Jeremy Ivey - Invisible Pictures


Bob Dylan’s influence on Ivey’s wordy songcraft, laid-back delivery and handsomely disheveled look is undeniable.” – Nashville Scene

“Twangy careworn missives, amiable introspections, and gently psychedelic romps.” – All Music Guide

“Few current artists have so effectively married searing rock n’ roll with equally biting lyricism. Jason Isbell, Will Hoge, and Steve Earle do come to mind. Yet, Ivey’s skill in wading through this gloomy landscape is his ability to make observations and raise questions rather than preach.” – Glide Magazine

“I try to put a little bit of hope into everything I do,” says singer and songwriter Jeremy Ivey. “No matter how heavy, no matter how dark things may get, there’s always a little bit of light shining through.”

Today Ivey is announcing Invisible Pictures, his third album for ANTI- Records to be released on March 11 that juxtaposes raw, unflinching personal reckonings with jaunty, buoyant performances and rich, kaleidoscopic production.

Ivey released his critically acclaimed solo debut The Dream and The Dreamer in 2019, which NPR hailed as “modern, indie [and] super-cool” and Rolling Stone likened to “Mutations-era Beck.” Ivey’s 2020 follow-up, the pointed and timely Waiting Out The Storm, was similarly well-received, with The Nashville Scene declaring that it “deconstruct[s] the ills of the day—among them racism, xenophobia and the growing wealth gap—with a critic’s precision and a poet’s compassion.”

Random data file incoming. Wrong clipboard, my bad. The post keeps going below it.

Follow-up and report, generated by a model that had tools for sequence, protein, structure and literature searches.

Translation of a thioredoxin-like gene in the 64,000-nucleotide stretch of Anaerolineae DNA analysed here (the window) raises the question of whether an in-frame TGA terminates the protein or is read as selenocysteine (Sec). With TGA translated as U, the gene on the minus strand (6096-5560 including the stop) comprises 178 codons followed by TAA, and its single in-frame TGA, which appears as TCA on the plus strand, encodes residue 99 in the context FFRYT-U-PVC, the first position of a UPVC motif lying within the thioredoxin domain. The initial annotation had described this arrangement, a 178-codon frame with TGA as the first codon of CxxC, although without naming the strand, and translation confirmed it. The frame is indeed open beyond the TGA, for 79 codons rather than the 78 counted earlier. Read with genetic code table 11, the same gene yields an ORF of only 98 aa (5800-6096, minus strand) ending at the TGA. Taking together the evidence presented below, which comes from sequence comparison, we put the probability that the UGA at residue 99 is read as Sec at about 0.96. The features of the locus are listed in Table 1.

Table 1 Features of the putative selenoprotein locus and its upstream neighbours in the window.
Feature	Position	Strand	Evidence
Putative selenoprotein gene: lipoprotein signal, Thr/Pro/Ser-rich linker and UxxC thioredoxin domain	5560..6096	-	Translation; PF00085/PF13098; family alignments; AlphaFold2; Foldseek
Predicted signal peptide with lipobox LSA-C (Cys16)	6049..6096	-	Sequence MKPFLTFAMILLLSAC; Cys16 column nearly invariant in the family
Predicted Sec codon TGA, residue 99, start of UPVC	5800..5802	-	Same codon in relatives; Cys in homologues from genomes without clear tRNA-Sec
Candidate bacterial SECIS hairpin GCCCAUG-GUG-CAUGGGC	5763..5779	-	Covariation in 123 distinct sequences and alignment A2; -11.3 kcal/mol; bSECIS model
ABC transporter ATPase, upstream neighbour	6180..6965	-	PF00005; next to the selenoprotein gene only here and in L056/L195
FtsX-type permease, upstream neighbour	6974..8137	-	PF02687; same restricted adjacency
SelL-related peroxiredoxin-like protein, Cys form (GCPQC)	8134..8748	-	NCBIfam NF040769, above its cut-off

By the time he began work on what would become Invisible Pictures, though, Ivey had shifted his gaze inwards, stepping away from the politically charged social commentary of Waiting Out The Storm to reflect on his own tumultuous journey. In just the past few years alone, he’d welcomed a daughter into the world, survived a particularly brutal bout of COVID, and watched the entire music industry slip into freefall. With touring off the table for more than a year, he decided stretch himself compositionally, returning to the complex, harmonically sophisticated music that had fascinated him in his younger years but had taken a backseat since his move to Nashville and marriage to Margo Price.

Though the songs on Invisible Pictures are rooted in a 21st century swirl of chaos and uncertainty, the record is, at its core, an undeniably feel-good collection, one that refuses to surrender to the existential ache it so artfully captures. Instead, Ivey embraces the sheer, unmitigated creative freedom and sonic exploration, drawing on everything from flamenco and classical music to vintage indie rock and British Invasion tunes to craft a passionate, transcendent album reminiscent of John Lennon and Elliott Smith. The album was even finished in Los Angeles alongside legendary Smith collaborator Rob Schnapf.

“When you sing a melody in your head, you can either put three chords around it or nine,” says Ivey, who plays one of Smith’s hollow-body guitars on the record. “This time, I aimed for nine.”


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Sturgill Simpson, Jason Isbell, Andy Shauf, Kurt Vile, Elliott Smith
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